Whether in canon or out of canon of this ground-breaking and body-cushing fictional truth or truthful fiction about Harry, where we learn about the eponymous halvers; just one consideration following my Tem reading/reviewing yesterday elsewhere, are they related to ‘nvumbi’? Is this just the other half-Ligotti? With only half of two bone-legs. The word ligotti as half-legs rather than knots? A half-Ligotti now created making the whole with another half-Ligotti. Its gestalt. The first real Town Supermarket, Town Hospital, a new holistic Town Manager against the irony of halves?

    From my research : “Cushing syndrome — a fatty hump between your shoulders, a rounded face, and pink or purple stretch marks on your skin. It can also result in high blood pressure, bone loss…”

  7. Read up to…
    “The Angels, cherubs, and diamonds all began to dissolve…”

    The more I read this, the more it reads me, with half plus half making a whole in real-time. Listen to what I say. Or am I adding two plus two and making five? I am convinced the concepts here of half-freaks, half-cracks, “post-mortem care”, pie charts for small mouths, its slant on Christian burial versus Cremation &c &c. are highly original concepts and will stick with me as I factor them into my life of reality as well as the special kind of literature I experience on a daily basis.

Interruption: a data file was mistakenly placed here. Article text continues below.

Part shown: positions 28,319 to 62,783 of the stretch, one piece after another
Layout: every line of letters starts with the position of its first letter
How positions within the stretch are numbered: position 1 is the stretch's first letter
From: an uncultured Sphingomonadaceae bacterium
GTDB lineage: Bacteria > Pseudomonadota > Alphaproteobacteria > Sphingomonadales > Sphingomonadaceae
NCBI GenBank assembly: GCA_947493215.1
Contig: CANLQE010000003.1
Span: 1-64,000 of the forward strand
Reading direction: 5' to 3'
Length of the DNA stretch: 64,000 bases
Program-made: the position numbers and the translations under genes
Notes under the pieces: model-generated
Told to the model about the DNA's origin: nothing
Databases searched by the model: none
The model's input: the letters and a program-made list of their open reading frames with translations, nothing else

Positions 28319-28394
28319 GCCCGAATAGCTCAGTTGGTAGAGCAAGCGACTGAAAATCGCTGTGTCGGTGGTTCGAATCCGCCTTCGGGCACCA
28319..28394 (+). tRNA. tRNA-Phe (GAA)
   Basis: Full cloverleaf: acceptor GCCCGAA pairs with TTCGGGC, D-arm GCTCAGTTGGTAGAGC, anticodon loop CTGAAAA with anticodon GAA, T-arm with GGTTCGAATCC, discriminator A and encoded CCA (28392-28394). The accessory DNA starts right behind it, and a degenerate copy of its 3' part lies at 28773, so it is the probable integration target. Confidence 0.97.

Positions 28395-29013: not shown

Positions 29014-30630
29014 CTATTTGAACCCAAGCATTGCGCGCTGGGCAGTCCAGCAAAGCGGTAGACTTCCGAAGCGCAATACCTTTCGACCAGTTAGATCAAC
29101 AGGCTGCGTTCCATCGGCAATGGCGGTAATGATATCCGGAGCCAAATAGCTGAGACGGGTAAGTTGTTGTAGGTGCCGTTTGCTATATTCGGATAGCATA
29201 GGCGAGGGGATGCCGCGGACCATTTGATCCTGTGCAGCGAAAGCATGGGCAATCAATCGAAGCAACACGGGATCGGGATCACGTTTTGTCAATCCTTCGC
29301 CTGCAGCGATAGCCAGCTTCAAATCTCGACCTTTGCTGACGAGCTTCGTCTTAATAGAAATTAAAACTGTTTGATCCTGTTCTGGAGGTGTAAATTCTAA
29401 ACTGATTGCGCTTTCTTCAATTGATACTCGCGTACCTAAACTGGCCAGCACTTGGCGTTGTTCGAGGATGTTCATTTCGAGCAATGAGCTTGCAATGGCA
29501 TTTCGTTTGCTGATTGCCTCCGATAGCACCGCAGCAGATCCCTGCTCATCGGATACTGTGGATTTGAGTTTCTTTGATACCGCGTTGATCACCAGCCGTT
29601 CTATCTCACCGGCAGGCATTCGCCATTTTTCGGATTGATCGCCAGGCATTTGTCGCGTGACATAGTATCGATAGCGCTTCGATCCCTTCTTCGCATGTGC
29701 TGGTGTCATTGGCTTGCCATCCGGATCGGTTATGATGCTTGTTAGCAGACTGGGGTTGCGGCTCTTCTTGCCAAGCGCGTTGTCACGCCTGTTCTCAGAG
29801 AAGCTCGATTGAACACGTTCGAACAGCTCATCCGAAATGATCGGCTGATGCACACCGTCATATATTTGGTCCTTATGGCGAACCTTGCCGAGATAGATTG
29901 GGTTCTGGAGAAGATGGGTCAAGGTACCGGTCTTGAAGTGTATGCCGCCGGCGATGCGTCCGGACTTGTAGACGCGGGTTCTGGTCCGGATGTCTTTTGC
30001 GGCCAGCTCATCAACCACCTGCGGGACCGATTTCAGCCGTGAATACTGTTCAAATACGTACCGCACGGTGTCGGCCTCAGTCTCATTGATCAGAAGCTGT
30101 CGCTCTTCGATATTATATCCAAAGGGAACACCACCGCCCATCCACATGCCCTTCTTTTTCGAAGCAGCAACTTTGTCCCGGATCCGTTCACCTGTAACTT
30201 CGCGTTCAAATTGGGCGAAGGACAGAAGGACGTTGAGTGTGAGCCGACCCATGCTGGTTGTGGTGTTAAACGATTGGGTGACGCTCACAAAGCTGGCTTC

As a perhaps irrelevant aside: quoted from my research: “Schnittke, half Jewish, his parents and grandparents atheists, a German Russian who spent much of his post-war childhood in Vienna, was a polystylistic man. He was led to the spiritual. His music, therefore, makes appeals to dark spaces, to mysteries, to enduring things, certainties. He was no reductivist, and more, I think, a synthetic than an analytical composer.”